Considered to be the gateway to Tasmania’s West Coast, Strahan itself is worth stopping in. Not only is the harbourside village filled with fascinating stories of convicts and pioneers who once lived here, but it’s also where rivers, mountains and rainforests meet, a location that allows it some truly stunning scenery.
After a morning or day exploring its wild beaches, towering sand dunes and dense, ancient jungles, head to one of its more than a dozen eateries serving fresh, local produce, or grab supplies from a shop to cook up lunch or dinner in your ocean-facing cottage or apartment. Whether you’re after a lazy break in a chilled-out seaside town, or a heart-pumping holiday filled with nature adventures, Strahan’s got something for you.
One of the best ways to experience Strahan is to hire a bike and ride through its village streets or along its two-kilometre-long Ocean Beach Trail.
Prefer to see the village by sea? Take an evening cruise to Bonnet Island to see its colony of Fairy Penguins. Or, take a morning or afternoon cruise with World Heritage Cruises or Gordon River Cruises, where you’ll stop on Sarah Island for a guided tour of its convict heritage sites, as well as hear the fascinating story of Macquarie Harbour and its settlement.
For a heart-pounding experience, hire a sandboard and slide down Henty Dunes. Or for more of the area’s history, visit Morrison’s Huon Pine Saw Mill, a family business sawmill that’s one of the oldest still in operation. If you have more than a day to spend here, consider taking a half-day or full-day journey to the Tasmanian wilderness or Queenstown on the West Coast Wilderness Railway.
In addition to its fascinating history, Strahan is also known for its nature. Head to 40-kilometre-long Ocean Beach for a swim or to watch the sunset. Spot platypus at Hogarth Falls, a waterfall reached by a 2.4-kilometre-return hike from Peoples Park. Rent a sandboard to ride down 30-metre-high Henty Dunes, a 10-minute drive north of Strahan. Or, drive an hour inland to Franklin-Gordon Wild Rivers National Park in the Tasmanian Wilderness World Heritage Area to see incredible natural sights including Frenchmans Cap, Nelson Falls or Gordon Dam.
Strahan Historic Foreshore Walk (two kilometres) starts at West Strahan Beach and will take you along the Esplanade before finishing at Regatta Point Station. Ocean Beach (two kilometres) is a flat trail, accessed from Ocean Beach Road. Or drive to Franklin-Gordon Wild Rivers National Park to walk one-kilometre-return Franklin Nature Trail, the 1.1-kilometre-return trail to Donaghys Hill or the 1.4-kilometre-return trail to Nelson Falls.
Located just one kilometre from the village centre and steps from West Strahan Beach, Strahan Beach Tourist Park makes for an ideal base. The park has a TV room with a fire pit, a playground and a communal laundry room. A five-minute walk away is Strahan Holiday Retreat, a 4.5-hectare property with caravan sites, cabins and cottages. Caravans can also be parked at Macquarie Heads Camping Ground.
Strahan Village has waterfront rooms, a hilltop restaurant (View 42° Restaurant & Bar) and a cosy bistro, complete with a log fire (Hamer’s Bar & Bistro). Ormiston House offers bed and breakfast accommodation in a grand federation mansion, set on a landscaped garden with magnolias, roses and azaleas.
For affordable, yet comfortable accommodation, look no further than Motel Strahan. Or, for a historic stay, opt for one of four colonial cottages at Kerrelie Cottages. And for somewhere more luxurious, book into Risby Cove, an 11-room boutique hotel with Tasmanian timber furniture and local artwork, or one of two apartments at Wheelhouse Luxury Apartments, both perched on cliffs overlooking Macquarie Harbour.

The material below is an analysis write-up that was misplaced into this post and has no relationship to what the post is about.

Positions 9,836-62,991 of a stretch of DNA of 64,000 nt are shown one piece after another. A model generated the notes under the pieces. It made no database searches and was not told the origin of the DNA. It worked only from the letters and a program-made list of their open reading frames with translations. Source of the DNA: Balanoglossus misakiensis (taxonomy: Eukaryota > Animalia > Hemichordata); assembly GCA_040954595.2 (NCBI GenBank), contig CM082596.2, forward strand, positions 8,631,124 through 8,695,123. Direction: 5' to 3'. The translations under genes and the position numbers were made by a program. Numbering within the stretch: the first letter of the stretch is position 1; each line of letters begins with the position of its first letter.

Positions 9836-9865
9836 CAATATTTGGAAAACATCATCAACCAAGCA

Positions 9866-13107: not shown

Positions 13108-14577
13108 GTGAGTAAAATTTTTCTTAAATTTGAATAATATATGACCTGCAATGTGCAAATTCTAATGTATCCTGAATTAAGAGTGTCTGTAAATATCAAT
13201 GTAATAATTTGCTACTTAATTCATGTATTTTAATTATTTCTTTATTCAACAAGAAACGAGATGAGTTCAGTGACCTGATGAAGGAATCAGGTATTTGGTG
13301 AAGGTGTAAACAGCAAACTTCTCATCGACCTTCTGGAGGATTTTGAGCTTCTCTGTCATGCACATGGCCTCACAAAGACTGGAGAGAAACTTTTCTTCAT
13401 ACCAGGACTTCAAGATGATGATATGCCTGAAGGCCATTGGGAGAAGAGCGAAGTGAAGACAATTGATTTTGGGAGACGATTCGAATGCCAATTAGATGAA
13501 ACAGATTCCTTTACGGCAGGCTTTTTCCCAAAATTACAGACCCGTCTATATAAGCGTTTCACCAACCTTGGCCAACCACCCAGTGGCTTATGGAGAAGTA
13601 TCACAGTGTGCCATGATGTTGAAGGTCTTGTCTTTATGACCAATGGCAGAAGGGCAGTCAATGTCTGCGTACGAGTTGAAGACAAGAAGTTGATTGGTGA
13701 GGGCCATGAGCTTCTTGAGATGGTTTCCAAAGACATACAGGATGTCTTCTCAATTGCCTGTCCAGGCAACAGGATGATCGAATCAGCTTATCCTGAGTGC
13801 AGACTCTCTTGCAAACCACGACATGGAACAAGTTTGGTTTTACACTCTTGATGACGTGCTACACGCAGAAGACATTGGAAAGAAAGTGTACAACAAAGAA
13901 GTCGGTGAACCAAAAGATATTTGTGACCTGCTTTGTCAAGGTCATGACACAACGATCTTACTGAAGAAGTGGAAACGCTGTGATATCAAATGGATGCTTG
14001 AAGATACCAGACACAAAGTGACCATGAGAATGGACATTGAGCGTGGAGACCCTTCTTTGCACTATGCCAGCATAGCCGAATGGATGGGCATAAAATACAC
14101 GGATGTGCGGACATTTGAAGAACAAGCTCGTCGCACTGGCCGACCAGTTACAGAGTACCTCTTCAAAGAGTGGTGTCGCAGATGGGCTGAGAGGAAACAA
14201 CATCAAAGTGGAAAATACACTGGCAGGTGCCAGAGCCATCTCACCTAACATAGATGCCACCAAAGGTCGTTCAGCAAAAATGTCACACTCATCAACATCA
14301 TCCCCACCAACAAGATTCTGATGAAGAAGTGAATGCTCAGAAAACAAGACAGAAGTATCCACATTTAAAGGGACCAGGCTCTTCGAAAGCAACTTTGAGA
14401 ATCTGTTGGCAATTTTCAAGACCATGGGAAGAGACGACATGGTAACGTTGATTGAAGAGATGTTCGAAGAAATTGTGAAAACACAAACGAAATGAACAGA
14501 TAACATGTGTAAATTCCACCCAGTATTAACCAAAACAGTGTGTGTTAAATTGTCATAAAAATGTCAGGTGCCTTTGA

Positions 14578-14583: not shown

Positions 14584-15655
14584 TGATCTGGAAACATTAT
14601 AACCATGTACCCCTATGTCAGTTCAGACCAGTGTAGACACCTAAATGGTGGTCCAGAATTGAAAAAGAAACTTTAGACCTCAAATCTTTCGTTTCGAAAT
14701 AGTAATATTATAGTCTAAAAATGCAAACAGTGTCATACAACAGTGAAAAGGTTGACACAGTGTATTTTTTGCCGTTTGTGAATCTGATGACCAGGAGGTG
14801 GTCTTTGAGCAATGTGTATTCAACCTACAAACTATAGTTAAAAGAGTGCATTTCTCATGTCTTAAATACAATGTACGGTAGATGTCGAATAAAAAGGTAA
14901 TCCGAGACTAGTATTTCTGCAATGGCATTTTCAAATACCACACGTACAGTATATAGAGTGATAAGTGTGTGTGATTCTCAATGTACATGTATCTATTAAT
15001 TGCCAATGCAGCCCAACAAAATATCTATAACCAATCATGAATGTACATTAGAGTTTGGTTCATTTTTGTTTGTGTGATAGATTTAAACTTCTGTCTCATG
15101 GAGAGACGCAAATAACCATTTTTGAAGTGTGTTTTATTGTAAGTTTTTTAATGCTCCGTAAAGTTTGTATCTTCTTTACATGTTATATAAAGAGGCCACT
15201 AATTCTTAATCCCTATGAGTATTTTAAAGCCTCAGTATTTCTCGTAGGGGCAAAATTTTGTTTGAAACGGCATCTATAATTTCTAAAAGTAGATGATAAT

Set across seven hectares, Strahan Wilderness Lodge features views of Mill Bay and adjoining Smugglers Cove, a shared guest lounge and complimentary breakfast. Strahan Bungalows has apartments sleeping up to five guests. And GreenGate Cottages has just three cottages in a quiet part of Strahan.
For elegant dining, visit The Risby Cove Restaurant or View 42° Restaurant & Bar at Strahan Village. Also inside Strahan Village is Hamer’s Bar & Bistro, which serves traditional Aussie pub food. Regatta Point Tavern’s Bistro & Restaurant is equally relaxed with a menu heavy on seafood. Tracks on Point is a café known for its pancakes, shakes and burgers. And you’ll find Bushman’s Thai inside three-room accommodation Bushman’s Strahan.
For a quick meal, visit The Bay Fish or Molly’s Great Food Café. And for good coffee, head to The Coffee Shack or The Kitchen.
Strahan is a 4.5-hour drive from Hobart, a 3.5-hour drive from Launceston and a three-hour drive from Devonport. You can fly from Hobart to Strahan on a twice-weekly commuter service. Tassielink has a bus route linking Strahan to Burnie with stops in Queenstown, Rosebery, Zeehan and Tullah.
Expect frequent rain and windy weather in Strahan, with June being the wettest month. January and February are the driest months, so good times to visit – though, it’s important to know it still rain occasionally. The average temperature in the warmest month (February) is 15 degrees Celsius, while the average temperature in the coldest month (July) is 9 degrees Celsius.
To see the village and its coastline from above, join a Strahan Helicopters or Cradle Mountain Helicopters scenic tour. Heli-Steam tours are also available and operated in conjunction with the West Coast Wilderness Railway. And to explore more than just Strahan (on land), look at Under Down Under Tours’ 5-Day Best of Tasmania Tour from Hobart. The tour is also organised for three or seven days.
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